By Rabbi Raymond Apple, Senior Rabbi of the Great Synagogue, Sydney
Judaism is a way of life that applies at all times and in every place, not just on certain days and in set places. It aims to sanctify everything a person does, whether in directly serving God or in dealing with other human beings. Some Jewish duties are “between man and God”, such as prayer and religious observances governing food, clothing, Sabbaths, festivals and fasts. Others are “between man and man”, such as honesty, truth, justice and peace.
Jewish prayer is as old as history. From the time of Adam and Eve, human beings have been talking to God and God has been talking to them. At first, prayer was spontaneous and unstructured. Spontaneous prayer is still regarded highly, but Judaism has developed a prayer habit three times a day, morning, afternoon and evening. One theory attributes this pattern to the Biblical patriarchs, Abraham, Isaac and Jacob; another view holds that when the Jerusalem Temple was destroyed, worship services replaced the daily sacrifices.
Though prayer is possible at any time and even without words, official Jewish worship has a set structure, built around the Sh’ma (the proclamation of faith in a single God) and the Amidah (19 blessings acclaiming the attributes of God). Though any language is acceptable, Hebrew, the language of the Bible, is preferred, and prayer books will often have Hebrew and a vernacular on facing pages. The prayers are generally in the plural (“Grant us peace”, “We have sinned” etc), because we should pray for others, not just ourselves. They combine praises, petitions and passages for study through studying religious texts we understand God better and recognise our duties to Him.
Some particularly significant prayers require the presence of a minyan of ten or more males aged 13 or over, which illustrates the importance Judaism places on the idea of community. Public worship in an orthodox community is conducted by males, though women’s spirituality is acknowledged. Worship does not need a rabbi, though it is often convenient to have a cantor who officiates with the traditional chants. Some congregations have a choir, but orthodox synagogues do not use an organ or other musical accompaniment on Sabbath and festivals.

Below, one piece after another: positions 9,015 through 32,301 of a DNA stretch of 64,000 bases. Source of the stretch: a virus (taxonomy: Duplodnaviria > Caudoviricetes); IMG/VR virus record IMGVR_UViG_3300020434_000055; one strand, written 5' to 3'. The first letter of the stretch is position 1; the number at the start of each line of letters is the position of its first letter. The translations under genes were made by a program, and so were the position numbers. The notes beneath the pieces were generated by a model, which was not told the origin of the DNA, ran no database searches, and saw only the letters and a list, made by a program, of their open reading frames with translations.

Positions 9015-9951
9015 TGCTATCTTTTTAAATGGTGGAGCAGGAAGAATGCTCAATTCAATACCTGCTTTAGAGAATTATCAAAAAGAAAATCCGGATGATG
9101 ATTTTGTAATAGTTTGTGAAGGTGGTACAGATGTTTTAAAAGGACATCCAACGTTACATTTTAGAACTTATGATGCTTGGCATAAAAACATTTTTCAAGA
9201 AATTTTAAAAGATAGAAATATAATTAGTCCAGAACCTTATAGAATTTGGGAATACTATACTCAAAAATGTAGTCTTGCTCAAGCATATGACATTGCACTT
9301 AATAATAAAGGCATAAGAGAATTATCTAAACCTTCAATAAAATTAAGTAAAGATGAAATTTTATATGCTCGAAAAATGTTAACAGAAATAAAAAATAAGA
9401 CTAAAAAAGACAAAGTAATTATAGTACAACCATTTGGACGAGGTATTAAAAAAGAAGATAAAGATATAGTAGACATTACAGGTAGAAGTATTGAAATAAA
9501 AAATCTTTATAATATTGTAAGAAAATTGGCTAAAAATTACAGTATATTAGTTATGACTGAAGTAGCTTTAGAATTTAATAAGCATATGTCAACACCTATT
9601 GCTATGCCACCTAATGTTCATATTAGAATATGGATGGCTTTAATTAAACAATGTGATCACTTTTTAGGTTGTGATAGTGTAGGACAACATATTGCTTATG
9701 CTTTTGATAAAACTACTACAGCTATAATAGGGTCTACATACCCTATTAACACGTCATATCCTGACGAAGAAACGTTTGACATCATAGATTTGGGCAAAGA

Synagogues do not follow any set architectural style, and indeed more important than the synagogue building is the presence of the community. Wherever one prays, it is traditional to face Jerusalem, and synagogue buildings are designed with this is mind. The focal point of the synagogue is the Ark in which the parchment scrolls of the Torah are housed; singing and ceremonial accompany the taking out and return of the scroll. Above the Ark is an often elaborate ner tamid or perpetual light, which symbolises the eternal presence of God. The service is conducted from the bimah or reading platform, which is traditionally placed in the centre of the building with the seats grouped around it. Orthodox synagogues have separate seating areas for males and females.